One month after a courthouse shooting in Cook County, several courthouses around the state have either added security or are considering doing so.
Since the shooting - which injured a prosecutor, a trial witness and a bailiff - safety is of mind for the people who work in those buildings. Still, some say they haven't seen many changes.
For years, Kandiyohi County's courthouse has used a metal detector and a correctional officer to secure the front door. The county is in the process of improving security and will add another booth, said Kandiyohi County Sheriff Dan Hartog. He points out an area off to one the side of the metal detector where a sheriff's deputy will soon sit.
That plan was already in development before last month's incident at the Cook County courthouse, Hartog said.
"We put a priority on it, Hartog said. "Just knowing what can happen in the courthouse, the different situations and just making sure that people are safe over here."
At least half the counties in the state are reviewing security policies and looking to expand courthouse safety.
Courthouse security is the responsibility of sheriffs, and it varies widely from county to county. According to an analysis by MPR News of 51 of the state's counties, 35 have metal detectors in their courthouses. Of those that do, many only use them for high profile cases.
It's an issue of cost for many departments, said Jim Franklin, executive director of the Minnesota Sheriff's Association.
"We don't have the resources and we don't have the manpower to set up screening at every single location, every single day and screen every single person who goes through," Franklin said.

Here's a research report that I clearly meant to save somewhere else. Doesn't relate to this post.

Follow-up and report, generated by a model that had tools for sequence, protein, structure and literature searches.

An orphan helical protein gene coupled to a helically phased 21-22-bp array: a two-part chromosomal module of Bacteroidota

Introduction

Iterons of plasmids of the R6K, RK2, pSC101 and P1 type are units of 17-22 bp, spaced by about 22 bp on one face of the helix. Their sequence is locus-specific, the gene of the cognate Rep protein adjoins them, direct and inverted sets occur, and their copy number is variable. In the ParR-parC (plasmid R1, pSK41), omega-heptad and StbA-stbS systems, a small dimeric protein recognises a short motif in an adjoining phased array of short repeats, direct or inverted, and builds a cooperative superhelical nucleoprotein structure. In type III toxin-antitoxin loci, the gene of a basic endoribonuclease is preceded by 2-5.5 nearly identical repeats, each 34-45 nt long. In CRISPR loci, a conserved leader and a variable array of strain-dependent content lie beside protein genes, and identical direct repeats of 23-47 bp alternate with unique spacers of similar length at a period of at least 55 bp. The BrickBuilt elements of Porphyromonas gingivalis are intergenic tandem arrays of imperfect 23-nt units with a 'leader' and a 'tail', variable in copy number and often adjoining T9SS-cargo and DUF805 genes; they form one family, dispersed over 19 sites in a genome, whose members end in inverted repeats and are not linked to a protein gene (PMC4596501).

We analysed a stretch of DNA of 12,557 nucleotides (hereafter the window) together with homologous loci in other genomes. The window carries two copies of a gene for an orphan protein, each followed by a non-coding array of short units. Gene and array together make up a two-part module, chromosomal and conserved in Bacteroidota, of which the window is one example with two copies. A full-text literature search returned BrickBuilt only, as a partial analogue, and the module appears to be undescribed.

Lacking resources was at least one reason given for why the courthouse in Cook County didn't have a metal detector. The cost of a typical walk-through metal detector ranges from $4,000 to $7,000.
Last April, Franklin's agency started a training program for law enforcement and courthouse administration to assess high risk cases that might pose security concerns.
"What we have done is try to teach and look at risk management," Franklin said. "What kinds of cases are likely to come up that could create these problems?"
For example, a trial or hearing for a violent or well-documented perpetrator may require additional courthouse security.
Several counties say they're using that type of security strategy. And while that could increase safety in a cost-effective way, there are those who want to see immediate results.
"I haven't seen any heightened security at all," said attorney John Baker.
Since the shooting last month, Baker has worked in courthouses in Walker and Winona. Both say they have metal detectors, but only use them on a case-by-case basis. Baker said he did not see metal detectors in use and observed few security officers.
"It absolutely flabbergasts me the lack of security and the lack of training and situational awareness that we have in our court system in Minnesota," Baker said. "It's beyond me that you can even drive underneath the courthouse in downtown Minneapolis."
Sarah Walker is the chief operating officer of 180Degrees, a nonprofit that does work in human services and corrections. She's spent the last seven years going in and out of courthouses, mostly in the Twin Cities, where she says security seems pretty good. She expects nothing less.
"I understand that the court systems... are strapped for money," Walker said. "But it's just a reminder though that while our system is overburdened, you can't forget the fact that their core function is public safety and the people who are going in and out of the courts and are serving the public need to be protected."
As for security at the Cook County courthouse, both the county attorney and sheriff's office will attend a risk management training session in February. The shooting is still under investigation by the Bureau of Criminal Apprehension, which plans to present their finding to the US Attorney's Office next month.
Elizabeth Dunbar contributed to this report.